Tackling high pay through the tax system

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I note that the press is reporting substantial  average pay increases for DTSEV 100 CEO's this morning who do, on average now earn £5.5 million a year. I wrote this blog  on the issue of high pay four years ago. Not much has changed since so I offer it again:



TUC has published a new report this morning called Bonus Season. The summary says:

Ending corporation tax relief for pay and bonuses worth more than 10 times average annual earnings (£26,200) could raise around £1.7bn a year if applied to the banking and financial services sector, according to a new TUC report published today (Monday).

The TUC report Bonus Season uses data from the Labour Force Survey to show that over a third (36 per cent) of employees earning more than £250,000 a year in the UK work in banking and finance.

The report then uses HMRC data to estimate that around 81,000 people have incomes of over £262,000 (10 times average annual earnings) that come primarily from employment, including 29,000 people in banking and finance.

The report finds that total pay on earnings above £262,000 in the finance sector – which the TUC believes should be disallowed as a deductible expense for corporation tax purposes – is around £6.8bn a year.

Ending corporation tax relief on earnings over £262,000 in the banking and finance sector would raise £1.7bn a year – vital revenues towards paying back the deficit created by the financial crash, says the TUC.

The report also estimates that extending the scrapping of corporation tax relief for top pay and bonuses over 10 times average earnings to all UK companies would raise around £5bn a year.

With the government effectively cancelling out its own levy on bank balance sheets by cutting the rate of corporation tax from 28 per cent to 23 per cent by 2014, the banking and finance sector is no longer making a proper contribution towards paying off the deficit it played a key role in creating, says the TUC.

A previous TUC report The Corporate Tax Gap showed that banks already pay well below the headline rate of corporation tax and that that the scale of bank losses at the height of the crash has allowed them to knock £19bn off their future tax bills, despite an £850bn bailout from taxpayers and the Bank of England.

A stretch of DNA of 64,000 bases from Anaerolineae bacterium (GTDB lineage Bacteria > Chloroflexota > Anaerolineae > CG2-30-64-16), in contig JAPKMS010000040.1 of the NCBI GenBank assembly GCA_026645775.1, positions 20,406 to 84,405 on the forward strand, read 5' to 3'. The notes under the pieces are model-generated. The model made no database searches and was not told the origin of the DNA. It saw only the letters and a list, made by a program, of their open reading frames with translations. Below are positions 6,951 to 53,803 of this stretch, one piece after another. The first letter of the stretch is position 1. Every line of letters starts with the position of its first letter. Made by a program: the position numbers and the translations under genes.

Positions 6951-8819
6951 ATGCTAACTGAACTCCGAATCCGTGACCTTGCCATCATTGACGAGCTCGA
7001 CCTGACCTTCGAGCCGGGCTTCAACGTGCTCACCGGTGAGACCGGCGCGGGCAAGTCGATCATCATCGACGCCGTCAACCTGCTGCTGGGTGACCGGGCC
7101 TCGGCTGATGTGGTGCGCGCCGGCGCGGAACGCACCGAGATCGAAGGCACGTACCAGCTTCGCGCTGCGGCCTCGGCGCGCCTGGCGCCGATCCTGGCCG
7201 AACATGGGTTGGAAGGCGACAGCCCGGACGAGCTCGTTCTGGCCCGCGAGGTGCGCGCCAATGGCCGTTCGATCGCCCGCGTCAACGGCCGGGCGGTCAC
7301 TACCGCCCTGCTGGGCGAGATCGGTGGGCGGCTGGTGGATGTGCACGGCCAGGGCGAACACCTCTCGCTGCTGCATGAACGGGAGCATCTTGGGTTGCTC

The fact that banks are back recording big profits and handing out billions of pounds in bonuses proves they can easily afford a new tax on big bonuses, says the TUC.

The TUC believes that making earnings more than 10 times average annual earnings liable for corporation tax would not only raise revenue but also tackle growing pay inequality by encouraging companies to spread pay across the workforce, rather concentrating it on those at the very top.

As well as calling for top pay to be liable for corporation tax, the TUC believes the following changes would help tackle the growing pay divide between top executives and the rest of the workforce:

  • Bring a much-needed dose of economic reality to executive pay decisions by introducing worker representation on to remuneration committees.
  • Make executive pay more transparent by publishing the ratio between top pay and both median company workforce pay and the lowest paid members of staff.
  • Tackle the closed shop of non-executive directorships (NEDs) by forcing companies to advertise positions externally.
  • Make rates of pay increase for directors reflect those of other employees, with an explanation given in the remuneration report should this not be the case.
I think such a policy would be a valuable constraint on high pay. But I should add that I advise the TUC on such issues so my agreement is unsurprising.
The message though is a simple one: if all politicians agree high pay is a problem we should simply stop subsidising it. What’s the problem with that?